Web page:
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Occurrence of the Asian Calanoid Copepod Pseudodiaptomus inopinus in the Zooplankton of the Columbia River Estuary

Jeffery R. Cordell, Cheryl A. Morgan and Charles A. Simenstad
Journal of Crustacean Biology
Vol. 12, No. 2 (May, 1992), pp. 260-269
Published by: Brill on behalf of The Crustacean Society
DOI: 10.2307/1549079
Stable URL: http://www.jstor.org/stable/1549079
Page Count: 10
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Since scans are not currently available to screen readers, please contact JSTOR User Support for access. We'll provide a PDF copy for your screen reader.
Occurrence of the Asian Calanoid Copepod Pseudodiaptomus inopinus in the Zooplankton of the Columbia River Estuary
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Abstract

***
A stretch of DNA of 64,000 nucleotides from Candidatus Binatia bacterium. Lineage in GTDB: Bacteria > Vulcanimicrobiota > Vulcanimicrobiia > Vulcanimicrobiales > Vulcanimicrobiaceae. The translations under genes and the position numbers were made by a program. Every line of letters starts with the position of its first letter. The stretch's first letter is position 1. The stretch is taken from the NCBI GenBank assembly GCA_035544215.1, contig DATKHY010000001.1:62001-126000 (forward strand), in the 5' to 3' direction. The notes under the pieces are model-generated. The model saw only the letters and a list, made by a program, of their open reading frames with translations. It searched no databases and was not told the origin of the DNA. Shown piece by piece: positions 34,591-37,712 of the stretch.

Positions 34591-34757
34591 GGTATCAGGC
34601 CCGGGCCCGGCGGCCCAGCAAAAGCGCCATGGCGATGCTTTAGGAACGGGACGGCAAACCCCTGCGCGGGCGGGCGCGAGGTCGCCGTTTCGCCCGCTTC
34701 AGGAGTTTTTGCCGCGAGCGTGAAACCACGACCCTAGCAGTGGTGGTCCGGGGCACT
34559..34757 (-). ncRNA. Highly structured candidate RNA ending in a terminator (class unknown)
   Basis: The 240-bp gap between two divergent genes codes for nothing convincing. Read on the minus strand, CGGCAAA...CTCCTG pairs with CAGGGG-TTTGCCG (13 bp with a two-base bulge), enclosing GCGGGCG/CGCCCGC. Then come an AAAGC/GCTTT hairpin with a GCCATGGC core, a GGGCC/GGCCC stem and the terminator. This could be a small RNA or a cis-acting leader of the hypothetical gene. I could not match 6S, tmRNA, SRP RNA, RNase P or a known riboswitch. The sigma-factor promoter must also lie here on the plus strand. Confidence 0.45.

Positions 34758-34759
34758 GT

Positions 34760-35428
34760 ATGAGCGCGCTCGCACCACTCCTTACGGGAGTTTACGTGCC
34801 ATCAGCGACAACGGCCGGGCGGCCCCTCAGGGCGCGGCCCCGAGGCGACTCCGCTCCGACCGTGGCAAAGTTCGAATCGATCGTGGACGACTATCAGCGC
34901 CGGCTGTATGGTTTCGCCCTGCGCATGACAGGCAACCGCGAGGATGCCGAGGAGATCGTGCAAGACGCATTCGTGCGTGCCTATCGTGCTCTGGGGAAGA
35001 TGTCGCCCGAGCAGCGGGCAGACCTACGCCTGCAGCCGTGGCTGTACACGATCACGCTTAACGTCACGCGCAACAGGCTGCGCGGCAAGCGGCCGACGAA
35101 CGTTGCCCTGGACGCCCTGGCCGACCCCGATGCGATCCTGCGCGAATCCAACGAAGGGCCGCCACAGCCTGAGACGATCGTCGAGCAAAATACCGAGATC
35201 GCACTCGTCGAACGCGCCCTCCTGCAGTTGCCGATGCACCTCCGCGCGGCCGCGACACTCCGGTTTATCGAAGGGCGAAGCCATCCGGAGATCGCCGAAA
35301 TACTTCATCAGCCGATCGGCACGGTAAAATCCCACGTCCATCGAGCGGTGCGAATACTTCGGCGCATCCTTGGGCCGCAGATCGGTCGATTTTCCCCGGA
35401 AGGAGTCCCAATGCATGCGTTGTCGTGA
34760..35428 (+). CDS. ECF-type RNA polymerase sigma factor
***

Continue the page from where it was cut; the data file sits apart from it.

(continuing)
Five species of introduced planktonic copepods from Asia, including two species of the genus Pseudodiaptomus, have been reported from coastal bays of California. Recently we have found a third species of Pseudodiaptomus endemic to the Indo-Pacific, P. inopinus, to be established in the Columbia River estuary. Comprehensive studies of both pelagic and epibenthic zooplankton in the Columbia River estuary in 1979 and 1980 did not record P. inopinus (see Simenstad and Cordell, 1985; Jones et al., 1990). In September 1990, we sampled zooplankton at three depths across several tide cycles. These samples contained high densities and all life-history stages of P. inopinus. It now appears that this species has become established and is prominent in the estuarine turbidity maxima (ETM) region. Pseudodiaptomus inopinus cooccurs in the ETM region with extensive populations of the calanoid copepod Eurytemora affinis and the harpacticoid copepod Scottolana canadensis. Preliminary results suggest that the distribution and abundance of these three species vary in response to the physical processes of the ETM. These differences may reduce potential competitive interactions between the preexisting and exotic species. Introduction was probably via ballast water from ships arriving from Asia. However, the establishment of P. inopinus may have been encouraged by a synergism between increased ballast dumping, decrease in maximum flows due to regulation of the river, and the attenuation of extreme low temperatures in the estuary during the last decade.

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